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Having a baby over 60 risky, doctors warn

AAP logoAAP 3/08/2016 Sarah Wiedersehn

Having a baby over the age of 60 is risky business, doctors warn.

Professor Peter Illingworth from IVF Australia says they won't help a woman have a baby beyond the age of natural menopause, which is 51, because of the health risks to the mother.

The question of how old is too old to have a baby is back in the spotlight after news a 62-year-old woman from Tasmania has given birth to a baby.

At 62, she's become Australia's oldest first-time mum, taking over from a woman who gave birth at age 60 in 2010.

The woman, who's not been named, is believed to have been implanted with a fertilised donor embryo at a facility overseas.

Australian IVF pioneer Gab Kovacs from Monash University has labelled the procedure irresponsible.

Prof Illingworth agrees the mother put her health at great risk and says she's fortunate to have come through it safely.

"A pregnancy at the age of 62 is a very risk business indeed, with a very high risk of serious complications such as blood clots and blood pressure problems," he said.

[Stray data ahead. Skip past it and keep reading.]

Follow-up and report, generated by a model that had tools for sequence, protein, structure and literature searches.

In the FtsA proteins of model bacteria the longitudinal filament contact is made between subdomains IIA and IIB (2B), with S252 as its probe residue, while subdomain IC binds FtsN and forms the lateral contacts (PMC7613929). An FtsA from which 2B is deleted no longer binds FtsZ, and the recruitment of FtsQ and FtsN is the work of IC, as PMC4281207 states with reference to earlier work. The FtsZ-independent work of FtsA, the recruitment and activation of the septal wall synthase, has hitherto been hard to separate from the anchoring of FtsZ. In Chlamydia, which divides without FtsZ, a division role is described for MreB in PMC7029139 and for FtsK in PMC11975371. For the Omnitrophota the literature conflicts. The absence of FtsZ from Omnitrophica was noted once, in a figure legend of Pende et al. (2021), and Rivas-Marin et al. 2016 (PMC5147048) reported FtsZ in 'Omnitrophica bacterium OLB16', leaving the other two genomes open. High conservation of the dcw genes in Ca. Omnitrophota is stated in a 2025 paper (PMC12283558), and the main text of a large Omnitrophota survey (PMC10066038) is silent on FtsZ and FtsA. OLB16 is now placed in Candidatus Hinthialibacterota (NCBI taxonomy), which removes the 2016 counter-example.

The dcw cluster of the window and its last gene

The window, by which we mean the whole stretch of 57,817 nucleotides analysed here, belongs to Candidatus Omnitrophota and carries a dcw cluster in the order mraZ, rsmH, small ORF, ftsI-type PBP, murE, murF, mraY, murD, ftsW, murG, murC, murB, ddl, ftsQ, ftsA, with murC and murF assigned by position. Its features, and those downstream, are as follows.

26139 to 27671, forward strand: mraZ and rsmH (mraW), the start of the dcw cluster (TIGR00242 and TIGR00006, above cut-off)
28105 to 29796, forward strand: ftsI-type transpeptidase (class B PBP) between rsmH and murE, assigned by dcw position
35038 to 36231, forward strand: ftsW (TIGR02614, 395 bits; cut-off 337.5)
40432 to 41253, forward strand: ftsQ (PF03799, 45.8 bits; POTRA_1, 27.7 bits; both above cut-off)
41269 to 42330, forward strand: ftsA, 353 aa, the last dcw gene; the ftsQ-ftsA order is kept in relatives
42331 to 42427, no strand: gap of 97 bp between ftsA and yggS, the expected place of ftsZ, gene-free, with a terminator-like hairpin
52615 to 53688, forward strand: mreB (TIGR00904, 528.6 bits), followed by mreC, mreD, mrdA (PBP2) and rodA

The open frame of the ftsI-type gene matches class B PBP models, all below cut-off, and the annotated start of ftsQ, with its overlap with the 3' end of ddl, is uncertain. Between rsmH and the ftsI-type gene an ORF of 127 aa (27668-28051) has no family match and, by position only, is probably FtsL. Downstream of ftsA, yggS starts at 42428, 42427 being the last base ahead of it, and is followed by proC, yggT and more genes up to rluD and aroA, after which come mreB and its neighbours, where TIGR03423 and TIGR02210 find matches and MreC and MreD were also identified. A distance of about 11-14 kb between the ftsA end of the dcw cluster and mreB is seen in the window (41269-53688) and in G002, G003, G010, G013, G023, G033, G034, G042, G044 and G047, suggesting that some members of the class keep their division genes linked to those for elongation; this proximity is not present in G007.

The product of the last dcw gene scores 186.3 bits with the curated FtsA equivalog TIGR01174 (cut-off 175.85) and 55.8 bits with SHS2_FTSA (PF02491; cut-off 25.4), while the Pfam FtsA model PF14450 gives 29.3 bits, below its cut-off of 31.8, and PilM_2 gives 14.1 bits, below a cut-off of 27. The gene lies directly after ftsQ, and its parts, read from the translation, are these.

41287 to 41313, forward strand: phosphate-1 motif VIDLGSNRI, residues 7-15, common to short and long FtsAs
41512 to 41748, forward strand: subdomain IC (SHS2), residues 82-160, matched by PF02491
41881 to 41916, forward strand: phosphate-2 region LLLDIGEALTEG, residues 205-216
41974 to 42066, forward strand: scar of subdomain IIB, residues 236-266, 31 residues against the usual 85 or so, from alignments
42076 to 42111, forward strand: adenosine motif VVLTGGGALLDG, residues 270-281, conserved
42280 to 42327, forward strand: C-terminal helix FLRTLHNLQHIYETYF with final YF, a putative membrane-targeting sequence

He says it would be very unlikely that IVF Australia would provide fertility treatment to a woman once she had reached her 52nd birthday.

That said, they would not rule it out completely.

"We would take each case on a case-by-case basis and refer it to our ethics committee. They would be concerned about the health of the mother and the welfare of the child afterwards."

Prof Illingworth also noted that he had never heard of a woman receiving a donated embryo beyond the age of 50 in Australia.

The other major ethical issue this case highlights is the welfare of the child and a need for clearer guidelines on this, says Professor Sheryl de Lacey from Flinders University.

Prof de Lacey, who specialises in infertility and bioethics, says responsible fertility care does not just rest on the age of the mother alone but on issues regarding the child's welfare.

"People these days are older, they're fitter, they're more healthy, they may be better off in terms of parenting than someone who's 16 or 18," Prof de Lacey said.

"We are stretching the boundaries in technology in a lot of different ways so I don't know that we can really claim that there's a natural limit to things these days. Otherwise why would we treat cancer?" she said.

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